Nicole is a behaviour analyst who specializes in the strategic science of instruction for both adult and child learners. She completed her doctoral degree in Applied Behavior Analysis and her Masters degree in Special Education at Columbia University. She has worked in both clinical and educational settings and consulted to a variety of organizations in North America, Europe, and Asia. Nicole is guided by a belief that scientific findings can improve the quality of educational systems and, through those systems, contribute to an improved quality of life for all the members of her communities–both large and small scale. She has published research articles and a book chapter, provided trainings for educators, parents and clinicians, and presented at many national and international conferences. Her research interests include organizational behaviour management, teaching and leadership from an operant perspective, and verbal behaviour development. She focuses primarily on single case research design methods as they are used in applied settings.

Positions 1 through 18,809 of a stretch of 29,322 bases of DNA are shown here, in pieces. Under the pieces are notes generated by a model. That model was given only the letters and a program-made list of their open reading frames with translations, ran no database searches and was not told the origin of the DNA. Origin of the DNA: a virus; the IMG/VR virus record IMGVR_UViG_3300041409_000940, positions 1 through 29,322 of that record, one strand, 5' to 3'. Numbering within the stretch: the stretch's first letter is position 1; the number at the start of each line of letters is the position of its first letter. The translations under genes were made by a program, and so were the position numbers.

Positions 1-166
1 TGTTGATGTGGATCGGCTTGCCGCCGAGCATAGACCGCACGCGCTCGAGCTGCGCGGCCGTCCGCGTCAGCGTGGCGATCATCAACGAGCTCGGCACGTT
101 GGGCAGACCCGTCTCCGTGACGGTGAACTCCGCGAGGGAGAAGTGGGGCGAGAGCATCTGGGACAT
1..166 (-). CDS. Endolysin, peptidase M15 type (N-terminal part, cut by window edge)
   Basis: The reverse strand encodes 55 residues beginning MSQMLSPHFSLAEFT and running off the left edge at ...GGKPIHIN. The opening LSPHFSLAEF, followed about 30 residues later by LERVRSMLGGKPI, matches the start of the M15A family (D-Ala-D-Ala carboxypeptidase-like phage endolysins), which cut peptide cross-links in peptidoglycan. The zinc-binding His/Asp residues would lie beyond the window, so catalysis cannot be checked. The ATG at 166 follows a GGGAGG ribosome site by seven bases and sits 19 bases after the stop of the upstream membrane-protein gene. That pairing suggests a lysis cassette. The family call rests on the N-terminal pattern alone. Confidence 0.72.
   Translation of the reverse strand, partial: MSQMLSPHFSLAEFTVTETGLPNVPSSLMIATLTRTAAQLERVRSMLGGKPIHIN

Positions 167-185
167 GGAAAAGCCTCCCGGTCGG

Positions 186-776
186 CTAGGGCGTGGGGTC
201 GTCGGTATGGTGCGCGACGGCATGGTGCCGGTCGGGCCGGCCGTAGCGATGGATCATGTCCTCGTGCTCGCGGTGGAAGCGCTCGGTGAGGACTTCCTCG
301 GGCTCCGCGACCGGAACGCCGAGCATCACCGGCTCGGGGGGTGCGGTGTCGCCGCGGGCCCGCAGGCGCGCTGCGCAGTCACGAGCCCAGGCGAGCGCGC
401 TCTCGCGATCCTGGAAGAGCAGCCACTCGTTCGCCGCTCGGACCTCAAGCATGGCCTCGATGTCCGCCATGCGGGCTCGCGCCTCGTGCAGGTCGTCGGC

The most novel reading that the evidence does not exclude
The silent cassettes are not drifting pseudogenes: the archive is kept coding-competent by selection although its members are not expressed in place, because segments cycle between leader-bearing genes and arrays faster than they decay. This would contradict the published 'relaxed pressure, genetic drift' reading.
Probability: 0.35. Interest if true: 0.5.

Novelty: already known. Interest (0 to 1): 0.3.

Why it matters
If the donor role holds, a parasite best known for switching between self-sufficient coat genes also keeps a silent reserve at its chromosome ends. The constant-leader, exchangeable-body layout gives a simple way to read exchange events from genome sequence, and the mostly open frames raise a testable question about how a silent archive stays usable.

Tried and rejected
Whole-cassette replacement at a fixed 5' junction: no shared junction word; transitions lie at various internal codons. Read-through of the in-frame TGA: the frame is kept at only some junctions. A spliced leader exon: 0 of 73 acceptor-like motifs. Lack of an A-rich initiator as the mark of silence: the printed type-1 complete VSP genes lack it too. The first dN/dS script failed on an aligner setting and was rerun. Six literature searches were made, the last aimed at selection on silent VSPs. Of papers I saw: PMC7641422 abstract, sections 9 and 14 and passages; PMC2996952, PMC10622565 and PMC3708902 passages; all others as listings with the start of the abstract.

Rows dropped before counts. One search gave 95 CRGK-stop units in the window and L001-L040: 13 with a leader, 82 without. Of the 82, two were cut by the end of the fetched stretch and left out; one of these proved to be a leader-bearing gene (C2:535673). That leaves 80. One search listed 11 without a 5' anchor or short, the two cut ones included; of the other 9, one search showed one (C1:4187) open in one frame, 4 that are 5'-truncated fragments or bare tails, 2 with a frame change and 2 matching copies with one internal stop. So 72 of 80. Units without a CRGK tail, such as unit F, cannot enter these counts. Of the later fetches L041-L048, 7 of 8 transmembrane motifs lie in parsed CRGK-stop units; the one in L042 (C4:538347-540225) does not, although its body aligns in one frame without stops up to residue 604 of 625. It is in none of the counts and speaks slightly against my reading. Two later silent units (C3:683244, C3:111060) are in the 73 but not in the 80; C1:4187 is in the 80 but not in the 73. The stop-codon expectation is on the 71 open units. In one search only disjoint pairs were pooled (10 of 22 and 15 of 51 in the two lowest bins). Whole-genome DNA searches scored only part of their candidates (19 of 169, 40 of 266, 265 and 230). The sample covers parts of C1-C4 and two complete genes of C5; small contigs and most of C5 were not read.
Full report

Hugh-Pennie, A. K., Park, H. S. L., Luke, N., & Lee, G. T. (2018). Applied Behavior Analysis as a Teaching Technology. In V.C. Bryan, A.T. Musgrove, & J.R. Powers (Eds.) Handbook of Research on Human Development in the Digital Age (pp. 330-362). Hershey, PA: IGI Global.
Keohane, D. D., Luke, N., & Greer, R. D. (2008). The things we care to see: The effects of rotated protocol immersion on the emergence of early observing responses. Journal of Early and Intensive Behavior Intervention, 5(1), 23.
Luke, N., Greer, R. D., Singer-Dudek, J., & Keohane, D. D. (2011). The emergence of autoclitic frames in atypically and typically developing children as a function of multiple exemplar instruction. The Analysis of Verbal Behavior, 27(1), 141-156.